Tax credits don’t help those without upfront funds. You must cover your own down payment and hope to be reimbursed via a tax credit the next time you file tax returns.
That being said, there is a repayment requirement if you vacate the home prior to the five-year mark. You must return
- 100% of the grant money if you leave the home within 1 year
- 80% if you leave before 2 years
- 60% if you leave before 3 years
- 40% if you leave before 4 years
- 20% if you leave before 5 years
- $0 repayment if you leave after 5 years
The bill provides an exception if you experience a hardship, such as military deployment, death of a borrower, or other approved reason.
When will the Downpayment Toward Equity Act become law?
As with any new legislation, this bill could take time to pass. It might not become law at all, and if it does, it could undergo significant revisions.
It was introduced into the U.S. House of Representatives (the first stage) in July 2021. It would have to be passed by the House via a vote, then sent to the Senate. The Senate would review, make changes, then take a vote. If passed, the bill would be sent to President Biden to sign into law.
More recently, the bill was then ordered to be amended in June 2022. There has been no additional movement in 2023.
- The bill was created and sponsored – DONE
- Studied by a Committee – DONE
- Introduced to the House – DONE
- Amendments requested – DONE
- House Vote – Incomplete
- Passed by House – Incomplete
- Reviewed and Passed by Senate – Incomplete
- Signed into Law by the President – Incomplete
We will keep this article updated with developments.
How some could get even more than $25,000
There are two ways some buyers could get even more than $25,000 for homebuying.
First, the bill allows the grant to be larger in high-cost areas where home prices are higher. There is no maximum given for this provision, so it would be up to the final version of the bill or local housing authority to determine the maximum.
Second, buyers could combine these grant funds with other down payment assistance. For instance, if you received $25,000 from the Downpayment Toward Equity grant, and another $10,000 grant from a local non-profit or state housing agency, you would have $35,000 to spend on your down payment, closing costs, and rate buydowns.
Downpayment Toward Equity grant example
|Downpymnt Toward Equity Assistance||No Assistance|
|FHA down payment||$12,250||$12,250|
|Buy down rate 1%*||$6,000||none|
|Total upfront costs||$25,750||$19,750|
|Personal cash required||$750||$19,750|
*Estimated for example purposes. Not real costs or quotes. Est payment includes typical taxes, insurance, HOA.
The grant recipient comes out ahead in two ways. First, their upfront cash requirement is reduced by $19,000. Second, they were able to buy down their mortgage rate with extra funds, saving them over $200 per month.
Downpayment Toward Equity grant alternatives
Though the grant is not available yet, there are plenty of alternatives.
Grants and down payment assistance exist in every state in the U.S. Many are available within certain cities or counties; others you can get statewide. Each program has its own requirements, so check with your state housing finance agency.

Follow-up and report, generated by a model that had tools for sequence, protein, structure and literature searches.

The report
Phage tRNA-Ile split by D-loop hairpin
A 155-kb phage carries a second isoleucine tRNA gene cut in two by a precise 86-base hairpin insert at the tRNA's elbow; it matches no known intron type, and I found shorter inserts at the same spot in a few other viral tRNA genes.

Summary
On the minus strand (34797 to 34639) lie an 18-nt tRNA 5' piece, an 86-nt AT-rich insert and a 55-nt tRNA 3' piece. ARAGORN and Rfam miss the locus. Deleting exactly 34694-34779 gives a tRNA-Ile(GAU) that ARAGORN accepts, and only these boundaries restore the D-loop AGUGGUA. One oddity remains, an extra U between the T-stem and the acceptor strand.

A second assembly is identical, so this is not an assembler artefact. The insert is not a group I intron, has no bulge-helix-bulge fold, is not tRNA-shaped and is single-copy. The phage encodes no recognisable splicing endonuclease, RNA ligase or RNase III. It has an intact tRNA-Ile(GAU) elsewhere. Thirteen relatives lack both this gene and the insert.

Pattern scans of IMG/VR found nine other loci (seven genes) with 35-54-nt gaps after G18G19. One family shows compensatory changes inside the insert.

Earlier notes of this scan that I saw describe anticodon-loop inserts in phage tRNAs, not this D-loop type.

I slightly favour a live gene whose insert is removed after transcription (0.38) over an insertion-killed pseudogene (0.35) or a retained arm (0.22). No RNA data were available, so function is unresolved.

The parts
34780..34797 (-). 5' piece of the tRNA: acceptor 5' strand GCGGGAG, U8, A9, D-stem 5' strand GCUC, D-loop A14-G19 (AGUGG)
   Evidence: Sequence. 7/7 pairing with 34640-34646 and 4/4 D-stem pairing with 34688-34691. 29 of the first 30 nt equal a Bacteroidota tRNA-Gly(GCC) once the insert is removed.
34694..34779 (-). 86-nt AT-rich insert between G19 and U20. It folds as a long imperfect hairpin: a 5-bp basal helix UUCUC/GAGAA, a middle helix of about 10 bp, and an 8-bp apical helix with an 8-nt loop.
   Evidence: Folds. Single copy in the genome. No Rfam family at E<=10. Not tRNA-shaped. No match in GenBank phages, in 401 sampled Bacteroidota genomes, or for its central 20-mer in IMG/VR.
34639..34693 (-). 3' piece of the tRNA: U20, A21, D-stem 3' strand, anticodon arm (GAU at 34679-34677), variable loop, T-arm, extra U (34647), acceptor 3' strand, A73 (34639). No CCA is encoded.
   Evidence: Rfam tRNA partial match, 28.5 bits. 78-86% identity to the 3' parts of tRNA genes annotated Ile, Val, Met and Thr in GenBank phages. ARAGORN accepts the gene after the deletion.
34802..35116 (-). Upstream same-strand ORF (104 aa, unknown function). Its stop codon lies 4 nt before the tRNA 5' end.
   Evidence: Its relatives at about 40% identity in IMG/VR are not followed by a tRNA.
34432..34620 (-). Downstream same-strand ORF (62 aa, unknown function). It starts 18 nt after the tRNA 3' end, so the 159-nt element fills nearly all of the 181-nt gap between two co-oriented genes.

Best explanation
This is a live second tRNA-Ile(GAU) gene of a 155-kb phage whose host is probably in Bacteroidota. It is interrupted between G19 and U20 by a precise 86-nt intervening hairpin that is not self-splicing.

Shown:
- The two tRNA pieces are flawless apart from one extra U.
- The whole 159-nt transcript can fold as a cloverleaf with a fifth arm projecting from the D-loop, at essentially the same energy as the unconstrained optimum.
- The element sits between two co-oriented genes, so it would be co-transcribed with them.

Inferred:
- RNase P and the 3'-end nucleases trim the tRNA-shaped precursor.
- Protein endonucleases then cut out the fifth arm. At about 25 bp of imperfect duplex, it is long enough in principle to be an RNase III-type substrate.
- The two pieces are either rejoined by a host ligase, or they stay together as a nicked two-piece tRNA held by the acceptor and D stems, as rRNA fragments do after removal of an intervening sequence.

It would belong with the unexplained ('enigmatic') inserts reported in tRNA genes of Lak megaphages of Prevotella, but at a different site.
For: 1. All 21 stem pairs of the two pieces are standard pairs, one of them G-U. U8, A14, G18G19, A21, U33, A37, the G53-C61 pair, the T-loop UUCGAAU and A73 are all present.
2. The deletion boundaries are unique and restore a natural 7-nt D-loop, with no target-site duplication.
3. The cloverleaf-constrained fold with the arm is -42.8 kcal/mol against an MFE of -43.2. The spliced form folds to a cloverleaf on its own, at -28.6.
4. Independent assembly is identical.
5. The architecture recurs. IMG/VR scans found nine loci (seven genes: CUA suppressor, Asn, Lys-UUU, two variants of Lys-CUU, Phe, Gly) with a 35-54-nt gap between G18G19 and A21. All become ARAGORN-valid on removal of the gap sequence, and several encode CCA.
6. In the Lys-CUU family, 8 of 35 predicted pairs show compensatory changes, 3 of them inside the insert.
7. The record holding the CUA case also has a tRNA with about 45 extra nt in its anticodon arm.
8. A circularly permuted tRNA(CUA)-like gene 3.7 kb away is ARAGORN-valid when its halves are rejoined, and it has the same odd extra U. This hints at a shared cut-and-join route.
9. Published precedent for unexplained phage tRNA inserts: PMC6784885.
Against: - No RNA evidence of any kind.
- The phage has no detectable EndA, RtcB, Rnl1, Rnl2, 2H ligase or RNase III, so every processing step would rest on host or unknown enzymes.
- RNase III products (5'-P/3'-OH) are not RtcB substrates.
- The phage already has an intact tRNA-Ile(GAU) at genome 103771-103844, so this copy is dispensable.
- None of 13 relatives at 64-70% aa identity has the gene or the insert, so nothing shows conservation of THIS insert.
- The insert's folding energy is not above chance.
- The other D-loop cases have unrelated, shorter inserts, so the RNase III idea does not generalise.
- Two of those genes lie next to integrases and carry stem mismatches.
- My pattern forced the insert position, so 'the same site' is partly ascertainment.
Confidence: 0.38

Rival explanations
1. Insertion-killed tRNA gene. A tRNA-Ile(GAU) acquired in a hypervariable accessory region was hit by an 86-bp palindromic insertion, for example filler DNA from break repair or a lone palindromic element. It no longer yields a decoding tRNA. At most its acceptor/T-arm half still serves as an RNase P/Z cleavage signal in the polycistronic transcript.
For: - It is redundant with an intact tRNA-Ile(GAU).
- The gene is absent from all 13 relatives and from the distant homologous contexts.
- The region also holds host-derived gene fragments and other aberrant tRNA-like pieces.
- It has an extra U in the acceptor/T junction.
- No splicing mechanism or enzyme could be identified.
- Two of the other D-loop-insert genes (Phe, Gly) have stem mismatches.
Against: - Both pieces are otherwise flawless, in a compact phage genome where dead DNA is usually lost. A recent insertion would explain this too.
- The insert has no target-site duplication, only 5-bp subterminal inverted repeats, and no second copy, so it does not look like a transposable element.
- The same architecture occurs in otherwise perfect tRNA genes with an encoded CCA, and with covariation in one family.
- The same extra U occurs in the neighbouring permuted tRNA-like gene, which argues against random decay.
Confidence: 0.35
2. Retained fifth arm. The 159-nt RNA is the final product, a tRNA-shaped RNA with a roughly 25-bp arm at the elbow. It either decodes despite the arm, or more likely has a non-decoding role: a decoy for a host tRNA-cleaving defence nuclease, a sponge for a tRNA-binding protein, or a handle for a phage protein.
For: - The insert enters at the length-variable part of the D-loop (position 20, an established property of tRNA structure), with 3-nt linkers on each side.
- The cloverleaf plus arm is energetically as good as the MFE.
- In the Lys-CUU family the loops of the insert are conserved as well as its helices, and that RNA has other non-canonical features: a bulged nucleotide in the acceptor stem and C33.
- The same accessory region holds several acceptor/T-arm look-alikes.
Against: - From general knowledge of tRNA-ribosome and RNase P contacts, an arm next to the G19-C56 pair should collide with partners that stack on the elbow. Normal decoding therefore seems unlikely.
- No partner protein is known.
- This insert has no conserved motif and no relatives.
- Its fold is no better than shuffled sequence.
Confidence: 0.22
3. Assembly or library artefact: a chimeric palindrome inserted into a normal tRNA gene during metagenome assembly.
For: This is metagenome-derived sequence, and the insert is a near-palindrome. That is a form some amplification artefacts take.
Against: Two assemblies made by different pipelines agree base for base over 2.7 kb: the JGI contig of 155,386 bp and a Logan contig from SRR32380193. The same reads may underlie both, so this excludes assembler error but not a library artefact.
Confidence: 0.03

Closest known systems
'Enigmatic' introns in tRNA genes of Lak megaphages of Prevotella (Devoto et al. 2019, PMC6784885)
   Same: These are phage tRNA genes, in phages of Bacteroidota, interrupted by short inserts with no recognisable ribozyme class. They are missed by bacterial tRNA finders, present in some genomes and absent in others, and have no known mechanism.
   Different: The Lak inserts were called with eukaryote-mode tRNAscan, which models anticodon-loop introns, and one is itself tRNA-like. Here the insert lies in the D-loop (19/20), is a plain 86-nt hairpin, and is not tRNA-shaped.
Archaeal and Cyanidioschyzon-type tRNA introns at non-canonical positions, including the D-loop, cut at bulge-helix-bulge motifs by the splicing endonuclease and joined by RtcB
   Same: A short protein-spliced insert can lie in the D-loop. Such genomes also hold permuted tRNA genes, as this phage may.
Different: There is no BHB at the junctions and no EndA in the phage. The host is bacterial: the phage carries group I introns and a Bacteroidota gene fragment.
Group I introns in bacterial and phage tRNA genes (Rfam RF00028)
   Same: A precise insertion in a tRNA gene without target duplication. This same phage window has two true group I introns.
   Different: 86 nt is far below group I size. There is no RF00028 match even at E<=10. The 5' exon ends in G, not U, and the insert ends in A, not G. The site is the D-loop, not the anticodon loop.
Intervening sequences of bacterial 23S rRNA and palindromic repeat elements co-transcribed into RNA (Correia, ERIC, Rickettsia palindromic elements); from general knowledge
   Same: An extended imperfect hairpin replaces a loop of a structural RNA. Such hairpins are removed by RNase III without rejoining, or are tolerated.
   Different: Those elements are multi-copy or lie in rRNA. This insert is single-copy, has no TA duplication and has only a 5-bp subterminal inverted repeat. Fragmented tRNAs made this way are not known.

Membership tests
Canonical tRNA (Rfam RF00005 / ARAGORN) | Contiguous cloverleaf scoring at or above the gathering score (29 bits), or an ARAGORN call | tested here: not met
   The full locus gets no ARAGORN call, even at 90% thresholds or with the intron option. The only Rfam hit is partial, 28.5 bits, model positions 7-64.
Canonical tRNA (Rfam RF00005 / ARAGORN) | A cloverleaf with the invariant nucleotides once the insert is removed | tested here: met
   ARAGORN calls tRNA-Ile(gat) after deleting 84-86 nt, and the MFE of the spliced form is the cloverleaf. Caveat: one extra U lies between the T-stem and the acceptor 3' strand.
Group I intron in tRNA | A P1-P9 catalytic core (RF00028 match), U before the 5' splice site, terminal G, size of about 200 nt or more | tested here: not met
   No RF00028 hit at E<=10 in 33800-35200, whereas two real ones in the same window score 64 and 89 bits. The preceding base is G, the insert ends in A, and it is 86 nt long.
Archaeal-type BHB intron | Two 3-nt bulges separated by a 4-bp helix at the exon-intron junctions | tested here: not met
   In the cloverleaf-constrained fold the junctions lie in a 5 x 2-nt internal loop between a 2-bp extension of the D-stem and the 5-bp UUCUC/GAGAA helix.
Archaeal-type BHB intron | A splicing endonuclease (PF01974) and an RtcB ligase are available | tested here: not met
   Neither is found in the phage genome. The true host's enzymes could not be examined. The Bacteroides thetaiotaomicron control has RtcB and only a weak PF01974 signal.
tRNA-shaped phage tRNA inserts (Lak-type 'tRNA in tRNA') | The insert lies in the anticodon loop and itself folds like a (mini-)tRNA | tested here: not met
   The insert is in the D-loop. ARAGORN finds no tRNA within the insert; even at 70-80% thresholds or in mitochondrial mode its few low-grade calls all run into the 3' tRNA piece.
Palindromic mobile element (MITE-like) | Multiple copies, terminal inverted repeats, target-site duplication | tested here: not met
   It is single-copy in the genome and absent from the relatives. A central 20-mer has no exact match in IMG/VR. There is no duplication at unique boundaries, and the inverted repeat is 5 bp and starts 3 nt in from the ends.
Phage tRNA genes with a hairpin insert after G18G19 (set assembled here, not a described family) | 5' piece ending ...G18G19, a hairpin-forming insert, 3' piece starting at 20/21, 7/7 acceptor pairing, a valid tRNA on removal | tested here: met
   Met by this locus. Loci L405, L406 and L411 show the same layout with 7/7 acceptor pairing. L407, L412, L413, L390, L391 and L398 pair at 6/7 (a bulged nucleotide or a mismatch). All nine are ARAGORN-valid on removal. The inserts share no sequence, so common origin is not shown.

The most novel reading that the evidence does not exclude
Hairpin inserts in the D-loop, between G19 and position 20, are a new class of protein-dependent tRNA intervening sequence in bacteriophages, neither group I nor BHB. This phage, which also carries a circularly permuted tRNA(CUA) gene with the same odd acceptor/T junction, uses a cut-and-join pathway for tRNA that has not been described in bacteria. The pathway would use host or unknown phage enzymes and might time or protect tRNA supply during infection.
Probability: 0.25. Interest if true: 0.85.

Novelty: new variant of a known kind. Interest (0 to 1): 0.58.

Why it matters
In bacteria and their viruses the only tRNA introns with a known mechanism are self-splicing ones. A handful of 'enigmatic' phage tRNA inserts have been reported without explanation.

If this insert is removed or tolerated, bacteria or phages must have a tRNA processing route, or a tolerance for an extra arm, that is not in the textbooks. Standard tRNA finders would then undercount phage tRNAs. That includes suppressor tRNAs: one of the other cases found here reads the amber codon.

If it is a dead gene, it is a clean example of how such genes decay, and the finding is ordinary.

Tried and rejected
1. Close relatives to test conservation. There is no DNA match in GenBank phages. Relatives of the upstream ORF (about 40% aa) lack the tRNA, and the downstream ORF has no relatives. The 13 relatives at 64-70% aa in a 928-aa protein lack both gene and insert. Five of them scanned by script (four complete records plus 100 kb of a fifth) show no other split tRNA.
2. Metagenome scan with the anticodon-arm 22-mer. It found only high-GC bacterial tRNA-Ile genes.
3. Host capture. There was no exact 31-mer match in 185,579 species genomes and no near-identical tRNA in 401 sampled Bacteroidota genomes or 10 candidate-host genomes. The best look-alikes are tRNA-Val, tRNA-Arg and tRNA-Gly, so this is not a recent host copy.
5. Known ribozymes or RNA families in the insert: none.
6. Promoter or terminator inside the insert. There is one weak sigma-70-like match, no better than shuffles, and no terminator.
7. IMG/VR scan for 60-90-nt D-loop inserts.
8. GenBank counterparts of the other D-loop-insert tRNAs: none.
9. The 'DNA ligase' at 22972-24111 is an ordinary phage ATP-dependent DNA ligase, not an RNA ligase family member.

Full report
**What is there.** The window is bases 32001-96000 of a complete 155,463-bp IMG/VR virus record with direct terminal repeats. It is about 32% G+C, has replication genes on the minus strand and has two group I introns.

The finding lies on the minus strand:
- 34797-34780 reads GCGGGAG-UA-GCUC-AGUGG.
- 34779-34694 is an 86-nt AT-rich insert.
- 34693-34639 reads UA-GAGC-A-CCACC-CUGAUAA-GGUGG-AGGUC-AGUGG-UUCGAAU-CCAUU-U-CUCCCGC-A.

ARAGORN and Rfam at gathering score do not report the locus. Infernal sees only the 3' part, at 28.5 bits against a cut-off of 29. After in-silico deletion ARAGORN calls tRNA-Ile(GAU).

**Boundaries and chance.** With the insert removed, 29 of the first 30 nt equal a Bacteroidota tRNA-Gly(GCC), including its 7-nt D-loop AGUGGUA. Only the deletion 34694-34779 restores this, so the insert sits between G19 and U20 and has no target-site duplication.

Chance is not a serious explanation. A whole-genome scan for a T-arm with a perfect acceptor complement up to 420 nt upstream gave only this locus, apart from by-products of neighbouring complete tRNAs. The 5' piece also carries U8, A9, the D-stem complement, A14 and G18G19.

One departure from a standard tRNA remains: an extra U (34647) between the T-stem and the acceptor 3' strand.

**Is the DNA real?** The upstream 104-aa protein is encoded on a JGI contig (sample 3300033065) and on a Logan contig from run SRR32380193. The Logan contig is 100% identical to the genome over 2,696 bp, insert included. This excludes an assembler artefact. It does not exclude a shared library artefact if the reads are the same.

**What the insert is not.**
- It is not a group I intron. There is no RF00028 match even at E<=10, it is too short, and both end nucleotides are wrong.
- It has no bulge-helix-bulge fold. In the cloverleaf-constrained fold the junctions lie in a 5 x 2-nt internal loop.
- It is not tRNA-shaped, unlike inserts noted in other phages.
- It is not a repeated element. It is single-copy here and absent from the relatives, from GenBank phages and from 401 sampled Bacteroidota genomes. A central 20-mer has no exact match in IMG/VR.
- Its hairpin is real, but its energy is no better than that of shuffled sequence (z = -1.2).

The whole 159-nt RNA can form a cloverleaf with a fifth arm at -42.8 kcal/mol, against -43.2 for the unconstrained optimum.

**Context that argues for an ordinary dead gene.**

However, there are some programs that are available nearly nationwide.
Empowered DPA Program: This offers 3.5% down payment assistance to first-time buyers, first responders, teachers, and other groups. It is available in almost every state in the country. Find out more about Empowered DPA.
Good Neighbor Next Door: Buy a home at half price with just $100 down if you’re a police officer, teacher, firefighter, or EMT.
National Homebuyers Fund: Up to 5% down payment assistance for eligible buyers.
Chenoa Fund: This is a 3.5-5% down payment assistance program. However, the assistance comes in the form of a repayable or forgivable loan, but the buyer must make a certain number of on-time payments to have the loan forgiven.
No, all funds must be used for the down payment, closing costs, or rate buy-downs at the time of closing. You will work with your lender to make sure that any extra funds are used in the transaction for rate buydowns and prepaid items like taxes and insurance.
Yes. Even if you qualify under the disadvantaged group guideline, you still must be within income limits.
Use this Fannie Mae tool. Look up your address or the neighborhood where you would buy. Multiply the Area Median Income by 1.2.
The bill has not been signed into law, so it is not yet available and there is no application process determined. We will keep this article up-to-date with developments.
The current version of the bill does not allow past homebuyers to be reimbursed. So if you purchase a home now, you can’t apply grant fund later if the program becomes available.
Check your homebuying readiness
While you wait for the Downpayment Toward Equity Act to be approved, it’s a good idea to see how ready you are to buy a home even without it.
Many people are surprised that they can buy a home now with an existing downpayment assistance program or using a low down payment loan.